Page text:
Michael J. Swart

February 26, 2015

When Parameter Sniffing Caused Deadlocks

Filed under: Miscelleaneous SQL,SQLServerPedia Syndication,Technical Articles — Michael J. Swart @ 10:06 am

Last week I was asked to troubleshoot some deadlocks in production. I was surprised to find out that parameter sniffing was one of the causes. I describe the investigation below.

Parameter Sniffing

SQL Server does this neat trick when you give it a query with parameters. The query optimizer will take the parameter values into account when making cardinality estimates. It finds the best query plan it can for these values. This is called parameter sniffing.

But parameter sniffing combined with query plan caching means that SQL Server seems to only care about parameter values the first time it sees a query. So ideally the first parameter values should be typical parameter values.

When people talk about parameter sniffing problems, it’s usually because this assumption doesn’t hold. Either the query was compiled with atypical values, or maybe the data has an uneven distribution (meaning that “typical” parameter values don’t exist).

But remember that…

Does this smell funny to you?

The Problem

The problem I saw in production involved some fairly typical looking tables. They looked something like this:

CollectionERD

This is how they were defined.

create table dbo.Collections
(
  CollectionId bigint identity primary key, 
  Name nvarchar(20) default ('--unnamed--') not null,
  Extrastuff char(100) not null default ('')
);
 
create table dbo.CollectionItems
(
  CollectionItemId bigint identity primary key,
  CollectionId bigint not null references dbo.Collections(CollectionId),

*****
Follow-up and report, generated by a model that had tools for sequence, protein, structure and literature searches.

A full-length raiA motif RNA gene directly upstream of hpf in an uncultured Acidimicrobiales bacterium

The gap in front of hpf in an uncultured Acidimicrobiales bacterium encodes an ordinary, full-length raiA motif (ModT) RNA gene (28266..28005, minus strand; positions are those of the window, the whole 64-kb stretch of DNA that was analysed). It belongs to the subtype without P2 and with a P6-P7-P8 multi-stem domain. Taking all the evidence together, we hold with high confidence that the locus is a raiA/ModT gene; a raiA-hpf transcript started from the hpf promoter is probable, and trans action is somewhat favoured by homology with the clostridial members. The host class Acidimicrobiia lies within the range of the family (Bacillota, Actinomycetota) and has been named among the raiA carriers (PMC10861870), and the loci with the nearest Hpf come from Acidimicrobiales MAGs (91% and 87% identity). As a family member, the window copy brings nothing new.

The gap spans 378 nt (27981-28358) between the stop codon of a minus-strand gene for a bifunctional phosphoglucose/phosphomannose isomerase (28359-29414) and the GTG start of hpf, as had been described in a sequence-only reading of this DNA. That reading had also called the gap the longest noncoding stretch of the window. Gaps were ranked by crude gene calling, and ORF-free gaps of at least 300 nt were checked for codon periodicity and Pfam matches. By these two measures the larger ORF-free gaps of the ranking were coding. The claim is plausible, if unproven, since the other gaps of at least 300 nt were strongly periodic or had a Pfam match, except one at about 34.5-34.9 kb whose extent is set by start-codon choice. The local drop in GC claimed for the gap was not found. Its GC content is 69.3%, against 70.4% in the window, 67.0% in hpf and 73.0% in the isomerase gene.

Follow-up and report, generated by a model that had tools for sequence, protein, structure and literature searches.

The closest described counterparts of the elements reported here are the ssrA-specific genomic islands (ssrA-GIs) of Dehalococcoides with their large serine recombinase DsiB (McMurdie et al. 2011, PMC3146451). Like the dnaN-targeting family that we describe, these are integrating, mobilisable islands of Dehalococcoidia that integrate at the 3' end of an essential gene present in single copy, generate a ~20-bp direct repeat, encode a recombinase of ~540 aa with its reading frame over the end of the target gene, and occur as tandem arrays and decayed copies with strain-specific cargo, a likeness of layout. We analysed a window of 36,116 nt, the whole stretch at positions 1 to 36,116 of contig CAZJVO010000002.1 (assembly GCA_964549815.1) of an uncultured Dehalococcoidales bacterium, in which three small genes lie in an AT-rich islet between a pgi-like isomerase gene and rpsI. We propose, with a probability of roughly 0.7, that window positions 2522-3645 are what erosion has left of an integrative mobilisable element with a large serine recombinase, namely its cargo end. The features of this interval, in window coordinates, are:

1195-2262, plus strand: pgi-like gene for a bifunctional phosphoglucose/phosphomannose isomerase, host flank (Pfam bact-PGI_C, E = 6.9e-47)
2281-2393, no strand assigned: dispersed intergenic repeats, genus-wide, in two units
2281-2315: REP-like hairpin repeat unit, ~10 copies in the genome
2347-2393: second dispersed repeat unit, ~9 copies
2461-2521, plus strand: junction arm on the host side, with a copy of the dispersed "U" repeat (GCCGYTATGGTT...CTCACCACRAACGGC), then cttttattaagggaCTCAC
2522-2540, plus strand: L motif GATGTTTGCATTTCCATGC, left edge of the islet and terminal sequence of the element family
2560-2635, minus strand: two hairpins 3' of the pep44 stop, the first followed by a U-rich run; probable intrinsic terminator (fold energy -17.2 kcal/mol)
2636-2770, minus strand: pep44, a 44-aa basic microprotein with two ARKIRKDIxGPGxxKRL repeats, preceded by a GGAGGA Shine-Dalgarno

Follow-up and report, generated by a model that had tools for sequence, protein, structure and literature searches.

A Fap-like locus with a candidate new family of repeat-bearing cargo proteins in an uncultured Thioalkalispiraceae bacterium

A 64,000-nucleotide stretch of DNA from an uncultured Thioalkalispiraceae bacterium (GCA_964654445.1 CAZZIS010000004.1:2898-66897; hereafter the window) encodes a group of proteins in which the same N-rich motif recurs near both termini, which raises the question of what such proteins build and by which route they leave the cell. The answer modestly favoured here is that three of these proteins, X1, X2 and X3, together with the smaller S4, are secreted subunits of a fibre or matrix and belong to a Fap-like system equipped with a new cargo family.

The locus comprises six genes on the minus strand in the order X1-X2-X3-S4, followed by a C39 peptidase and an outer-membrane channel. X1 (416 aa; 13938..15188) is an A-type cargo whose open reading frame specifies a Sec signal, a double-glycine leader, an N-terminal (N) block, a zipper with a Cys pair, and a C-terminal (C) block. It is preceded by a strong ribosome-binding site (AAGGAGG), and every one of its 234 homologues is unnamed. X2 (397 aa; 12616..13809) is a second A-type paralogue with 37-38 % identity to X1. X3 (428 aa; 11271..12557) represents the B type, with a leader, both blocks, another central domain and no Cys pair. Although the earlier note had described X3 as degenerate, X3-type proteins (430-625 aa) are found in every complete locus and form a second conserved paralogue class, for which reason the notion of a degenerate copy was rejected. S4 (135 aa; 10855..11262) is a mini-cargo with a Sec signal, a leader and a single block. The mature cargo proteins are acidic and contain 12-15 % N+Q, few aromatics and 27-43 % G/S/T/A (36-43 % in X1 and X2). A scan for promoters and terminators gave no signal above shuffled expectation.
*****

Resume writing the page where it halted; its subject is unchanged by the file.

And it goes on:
Name nvarchar(20) default ('--unnamed--') not null,
  ExtraStuff char(100) not null default ('')
);
 
create index ix_CollectionItems
on dbo.CollectionItems(CollectionId);

The errors we were getting were deadlock errors and the deadlock graphs we collected were always the same. They looked something like this:

CollectionsDeadlockGraph

See that procedure called s_CopyCollection? It was defined like this:

create procedure dbo.s_CopyCollection 
  @CollectionId bigint
as
 
  set nocount on;
 
  declare @NewCollectionId bigint;
 
  if @CollectionId = 0
     return;
 
  if not exists (select 1 from dbo.Collections where CollectionId = @CollectionId)
     return;
 
  set xact_abort on;
  begin tran;
 
    insert dbo.Collections (Name, Extrastuff)
    select Name, ExtraStuff
    from dbo.Collections
    where CollectionId = @CollectionId;
 
    set @NewCollectionId = SCOPE_IDENTITY();
 
    insert dbo.CollectionItems (CollectionId, Name, ExtraStuff)
    select @NewCollectionId, Name, ExtraStuff
    from dbo.CollectionItems
    where CollectionId = @CollectionId;
 
  commit;

It’s a pretty standard copy procedure right? Notice that this procedure exits early if @CollectionId = 0. That’s because 0 is used to indicate that the collection is in the “recycle bin”. And in practice, there can be many recycled collections.

Some Digging

I began by reproducing the problem on my local machine. I used this method to generate concurrent activity. But I couldn’t reproduce it! The procedure performed well and had no concurrency issues at all.

This meant more digging. I looked at the procedures behavior in production and saw that they were performing abysmally. So I grabbed the query plan from prod and here’s what that second insert statement looked like:

CollectionsBadPlan

This statement inserts into CollectionItems but it was scanning Collections. That was a little confusing. I knew that the insert needed to check for the existence of a row Collections in order to enforce the foreign key, but I didn’t think it had to scan the whole table. Compare that to what I was seeing on my local database:

CollectionGoodPlan

I looked at the compilation parameters (SQL Sentry Plan Explorer makes this easy) of the plan seen in production and saw that the plan was compiled with @CollectionId = 0. In this case, the assumption about parameter sniffing I mentioned earlier (that the compilation parameters should be typical parameters) did not hold.